He still gets chills recalling the first time Oregon wolves answered him.
It was mid-July, 2008, near the Wallowa-Union County line in the northeast corner of the state. The Oregon Department of Fish and Wildlife knew wolves would eventually disperse from Idaho and had prepared a management plan. Wildlife biologist Russ Morgan, appointed to implement the plan, was checking to see if they had arrived.
Over weeks, on intermittent nights, he and Chase Brown, then an intern and now an ODFW wildlife unit manager, drove dirt logging roads in the Wenaha Unit. They’d stop, get out, howl, and listen for replies. Wait five minutes, howl again, listen, move on. For weeks, nothing.
But that night, as they turned to get back in their vehicle, came the long and low response of a male wolf somewhere in the darkness, within a couple hundred yards. The men returned to the spot an hour later and tried again.
Chorus of howls
This time a wondrous chorus of howls rose in the night, adults and pups answering from the all about them in the forest. They were in the middle of what came to be known as the Wenaha Pack.
Wolf howls have always had that effect on Morgan. “I’d almost rather hear a wolf howl than see one,” he said.
The chorus of argument, claim and accusation erupting from some rural livestock producers and from some urban environmentalists, however, is something he could have done without.
“Wolf management is the ultimate balancing act, there are extremes on both sides,” Morgan said. “I always viewed my job as trying to walk down that middle line.”
He calls himself an “advocate of thoughtful management,” which comes with the recognition that every wolf decision is going to be controversial to someone.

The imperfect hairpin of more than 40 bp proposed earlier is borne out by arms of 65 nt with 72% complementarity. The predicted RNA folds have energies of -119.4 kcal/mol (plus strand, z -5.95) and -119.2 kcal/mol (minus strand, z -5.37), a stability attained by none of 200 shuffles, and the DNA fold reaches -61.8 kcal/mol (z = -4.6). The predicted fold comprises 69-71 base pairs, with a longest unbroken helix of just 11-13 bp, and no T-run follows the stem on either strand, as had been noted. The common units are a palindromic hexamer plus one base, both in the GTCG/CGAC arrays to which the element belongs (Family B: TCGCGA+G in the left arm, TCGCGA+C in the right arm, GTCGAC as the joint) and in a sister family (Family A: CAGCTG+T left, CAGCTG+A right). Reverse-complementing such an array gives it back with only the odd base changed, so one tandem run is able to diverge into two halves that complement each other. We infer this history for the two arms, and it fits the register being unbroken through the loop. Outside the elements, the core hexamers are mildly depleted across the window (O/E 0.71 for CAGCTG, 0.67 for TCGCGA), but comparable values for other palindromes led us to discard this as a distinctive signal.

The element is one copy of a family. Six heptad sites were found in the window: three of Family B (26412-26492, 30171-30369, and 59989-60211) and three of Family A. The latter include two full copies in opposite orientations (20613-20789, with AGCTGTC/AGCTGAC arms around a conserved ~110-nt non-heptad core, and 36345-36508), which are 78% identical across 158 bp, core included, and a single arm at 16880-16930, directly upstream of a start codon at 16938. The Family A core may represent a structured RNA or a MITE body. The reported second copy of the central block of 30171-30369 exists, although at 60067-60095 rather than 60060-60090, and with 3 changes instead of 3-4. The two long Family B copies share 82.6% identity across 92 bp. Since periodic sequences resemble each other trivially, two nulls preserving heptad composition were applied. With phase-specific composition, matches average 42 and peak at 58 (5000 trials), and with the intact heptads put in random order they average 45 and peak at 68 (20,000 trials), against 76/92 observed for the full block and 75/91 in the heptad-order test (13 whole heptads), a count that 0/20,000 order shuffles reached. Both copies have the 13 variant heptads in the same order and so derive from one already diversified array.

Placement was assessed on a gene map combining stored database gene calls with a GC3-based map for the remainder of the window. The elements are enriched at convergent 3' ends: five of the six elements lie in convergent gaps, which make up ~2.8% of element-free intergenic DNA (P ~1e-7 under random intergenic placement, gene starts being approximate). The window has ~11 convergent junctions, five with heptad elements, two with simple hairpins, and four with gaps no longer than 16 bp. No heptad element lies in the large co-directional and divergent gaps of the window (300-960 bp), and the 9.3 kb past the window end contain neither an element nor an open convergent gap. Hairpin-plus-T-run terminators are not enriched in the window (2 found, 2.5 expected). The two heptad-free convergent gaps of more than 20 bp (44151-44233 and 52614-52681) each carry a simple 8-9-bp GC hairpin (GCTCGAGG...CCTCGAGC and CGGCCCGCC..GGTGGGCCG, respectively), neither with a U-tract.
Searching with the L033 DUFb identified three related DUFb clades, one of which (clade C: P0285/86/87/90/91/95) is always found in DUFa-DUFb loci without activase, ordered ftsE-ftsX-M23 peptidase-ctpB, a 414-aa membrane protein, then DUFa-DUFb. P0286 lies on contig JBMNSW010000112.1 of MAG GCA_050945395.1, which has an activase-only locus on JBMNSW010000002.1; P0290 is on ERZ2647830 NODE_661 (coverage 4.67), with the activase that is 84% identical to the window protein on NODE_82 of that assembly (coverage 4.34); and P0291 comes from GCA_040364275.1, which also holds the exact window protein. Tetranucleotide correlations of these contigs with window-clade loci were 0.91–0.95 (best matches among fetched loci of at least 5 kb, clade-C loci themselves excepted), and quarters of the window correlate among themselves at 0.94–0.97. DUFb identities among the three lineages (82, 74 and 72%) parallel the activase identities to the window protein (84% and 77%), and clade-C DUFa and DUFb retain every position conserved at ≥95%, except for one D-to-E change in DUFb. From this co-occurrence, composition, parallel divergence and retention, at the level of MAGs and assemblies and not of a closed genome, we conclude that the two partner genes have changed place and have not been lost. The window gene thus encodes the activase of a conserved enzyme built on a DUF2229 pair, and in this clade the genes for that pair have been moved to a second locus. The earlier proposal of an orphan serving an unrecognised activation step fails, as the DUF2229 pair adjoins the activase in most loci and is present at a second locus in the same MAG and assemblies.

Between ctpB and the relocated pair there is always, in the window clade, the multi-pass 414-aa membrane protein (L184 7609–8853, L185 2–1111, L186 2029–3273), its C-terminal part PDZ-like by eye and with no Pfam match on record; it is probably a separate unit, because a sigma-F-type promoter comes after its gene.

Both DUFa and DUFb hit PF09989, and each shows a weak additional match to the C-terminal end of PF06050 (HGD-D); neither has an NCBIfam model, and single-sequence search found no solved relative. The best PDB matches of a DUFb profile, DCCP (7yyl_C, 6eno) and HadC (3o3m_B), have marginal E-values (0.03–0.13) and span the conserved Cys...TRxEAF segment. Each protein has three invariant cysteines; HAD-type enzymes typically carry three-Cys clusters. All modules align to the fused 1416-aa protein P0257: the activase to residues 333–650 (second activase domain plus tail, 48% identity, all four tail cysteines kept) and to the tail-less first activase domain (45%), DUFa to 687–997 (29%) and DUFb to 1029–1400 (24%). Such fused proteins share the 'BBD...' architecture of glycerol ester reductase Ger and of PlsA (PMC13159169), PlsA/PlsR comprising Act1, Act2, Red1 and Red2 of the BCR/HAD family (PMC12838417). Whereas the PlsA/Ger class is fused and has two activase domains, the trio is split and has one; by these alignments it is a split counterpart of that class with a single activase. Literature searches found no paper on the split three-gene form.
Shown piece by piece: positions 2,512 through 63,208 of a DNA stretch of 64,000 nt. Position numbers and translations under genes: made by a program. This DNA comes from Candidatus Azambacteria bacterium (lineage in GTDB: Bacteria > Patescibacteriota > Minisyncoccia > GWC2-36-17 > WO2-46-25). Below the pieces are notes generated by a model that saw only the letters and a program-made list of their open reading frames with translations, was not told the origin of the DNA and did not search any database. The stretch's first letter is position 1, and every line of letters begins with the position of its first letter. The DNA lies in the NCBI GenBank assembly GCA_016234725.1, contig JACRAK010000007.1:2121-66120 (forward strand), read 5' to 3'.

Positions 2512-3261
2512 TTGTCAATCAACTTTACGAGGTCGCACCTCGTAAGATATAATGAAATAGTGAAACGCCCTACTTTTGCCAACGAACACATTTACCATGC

“I got a lot of arrows lobbed my way,” he said.
People often told him to not take criticism and scrutiny personally, but he couldn’t help it. Being a wildlife biologist wasn’t a job to him and others, it was a lifestyle.
“Everything I do I take as a success or a failure, and it made it very stressful,” he said. “You wake up in the middle of the night with the wheels going. When we have to do things like kill wolves, that’s a personal thing for a lot of people. One thing I will gladly shed is having that responsibility and having that load.”
Carter Niemeyer, a retired U.S. Fish and Wildlife Service biologist who Morgan considers a mentor and friend, said the work is emotionally draining.
“This wolf stuff can eat you alive if you let it,” said Niemeyer, who lives in Boise and oversaw or consulted on wolf recovery work throughout the West, including Idaho.
Morgan, he said, was a “natural self-starter” who was cool, calm, collected and self-confident. Morgan asked for advice and training, and prepped himself every step of the way, Niemeyer said.
“I’m very proud of Russ,” he said. “I think he’s the ultimate professional, without a doubt.”
Jerome Rosa, executive director of the Oregon Cattlemen’s Association, one of the chief protagonists in the wolf debate, said Morgan was “thoughtful, gracious and sincere.”
“He worked hard to find common ground on the wolf plan, which is a very contentious issue in Oregon,” Rosa said by email. “The collaborative process is often very difficult and yet Russ navigated it quite successfully.”
Steve Pedery, conservation director for Oregon Wild, a Portland-based group usually on the opposite side of wolf issues, had a similar response.
“We have not always agreed with him, but Russ has always been a person of tremendous integrity and commitment to conservation,” he said by email.
He said Morgan’s retirement is a major reason why Oregon’s wolf plan needs a clearer set of rules.
“Without Russ, it is hard to trust ODFW to do the right thing when they come under pressure from livestock interests or anti-wildlife politicians.”
Morgan said it helped immensely that Oregon had a management plan in place when wolves arrived.
“I can’t imagine coming into this job without a wolf plan,” he said. “It gave me the ability to have the backbone of a program already. The wolves came and we put meat on it.”
Morgan said he purposefully announced the department intended to implement the plan. The simple clarity of the statement was crucial.